Obviously, there are a lot of similarities between Watkins’ statements and the internal debate that I was having, which led me to the following questions:

1)    Are we as composers, today, pressured to write in a particular way or ‘style’ that is perpetuated by the academy, our teachers, or even the audience?

2)    If so, how do we overcome the pressure, use what we find relevant, and set out to create an art that is uniquely our own?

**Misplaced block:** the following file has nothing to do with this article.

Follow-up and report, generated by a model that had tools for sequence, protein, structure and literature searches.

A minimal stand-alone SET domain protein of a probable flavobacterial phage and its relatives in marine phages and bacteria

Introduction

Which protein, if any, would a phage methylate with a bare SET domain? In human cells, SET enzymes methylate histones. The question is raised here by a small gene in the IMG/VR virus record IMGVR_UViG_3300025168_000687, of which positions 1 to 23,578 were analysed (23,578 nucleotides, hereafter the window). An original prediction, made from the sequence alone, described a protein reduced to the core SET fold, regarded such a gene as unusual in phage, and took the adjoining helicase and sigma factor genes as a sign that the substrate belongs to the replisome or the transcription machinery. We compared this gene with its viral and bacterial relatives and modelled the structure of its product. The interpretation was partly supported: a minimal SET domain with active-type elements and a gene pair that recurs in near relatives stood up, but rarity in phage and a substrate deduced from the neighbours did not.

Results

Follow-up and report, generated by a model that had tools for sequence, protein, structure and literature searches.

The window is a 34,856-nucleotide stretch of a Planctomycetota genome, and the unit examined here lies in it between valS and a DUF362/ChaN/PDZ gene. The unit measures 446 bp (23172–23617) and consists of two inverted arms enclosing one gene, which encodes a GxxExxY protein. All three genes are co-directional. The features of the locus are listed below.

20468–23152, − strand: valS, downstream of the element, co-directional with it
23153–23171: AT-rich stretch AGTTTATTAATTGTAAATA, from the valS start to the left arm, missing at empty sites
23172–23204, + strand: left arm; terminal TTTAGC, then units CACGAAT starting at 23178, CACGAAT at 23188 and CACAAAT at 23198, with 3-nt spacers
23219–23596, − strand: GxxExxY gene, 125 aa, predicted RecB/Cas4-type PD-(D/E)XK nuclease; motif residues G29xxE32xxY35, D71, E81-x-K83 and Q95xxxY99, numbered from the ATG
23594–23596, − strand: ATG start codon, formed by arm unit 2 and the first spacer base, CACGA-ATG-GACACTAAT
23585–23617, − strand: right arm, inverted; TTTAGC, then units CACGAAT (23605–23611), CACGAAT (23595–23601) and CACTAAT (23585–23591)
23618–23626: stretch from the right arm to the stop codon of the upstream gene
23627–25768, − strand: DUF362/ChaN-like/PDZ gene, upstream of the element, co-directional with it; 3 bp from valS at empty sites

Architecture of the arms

Now before you say: “Yes, yes, Joe.  We are well aware that serialism can be arithmetically stifling,” I want to point out that the most interesting part of my current conundrum is that the pressure that I feel at home is not to write music of the so-called avant-garde, which I like, but to write more conservative music.  At the college where I am currently an assistant professor, concerts of contemporary music receive an audience of maybe twenty; most of them begrudging students that are there to meet specific course requirements.  I am told that is because it is a “conservative community,” and no one is interested in and/or understands new music.  That statement concerns me as an educator; others are willing to simply allow that moniker to be the reason for not trying to expand the community’s understanding of ‘music as art.’  For instance, while living in Cologne, Germany last year, I worked with German composer/conductor Robert H.P. Platz, a protégé of Karlheinz Stockhausen.  The city of Cologne is a beacon for contemporary music.  There are concerts presented daily, and usually, to full halls.  Robert and I had several discussions about music, modernity, and how fortunate he was to reside in such a place.  He told me that “Cologne was not always a center for new music – It is so now due to the forty years that Stockhausen worked to educate the public.  He also invited innumerable composers to Cologne for concerts, thereby exposing everyone to a variety of new music.  Now there is a network in Cologne that is sustainable.”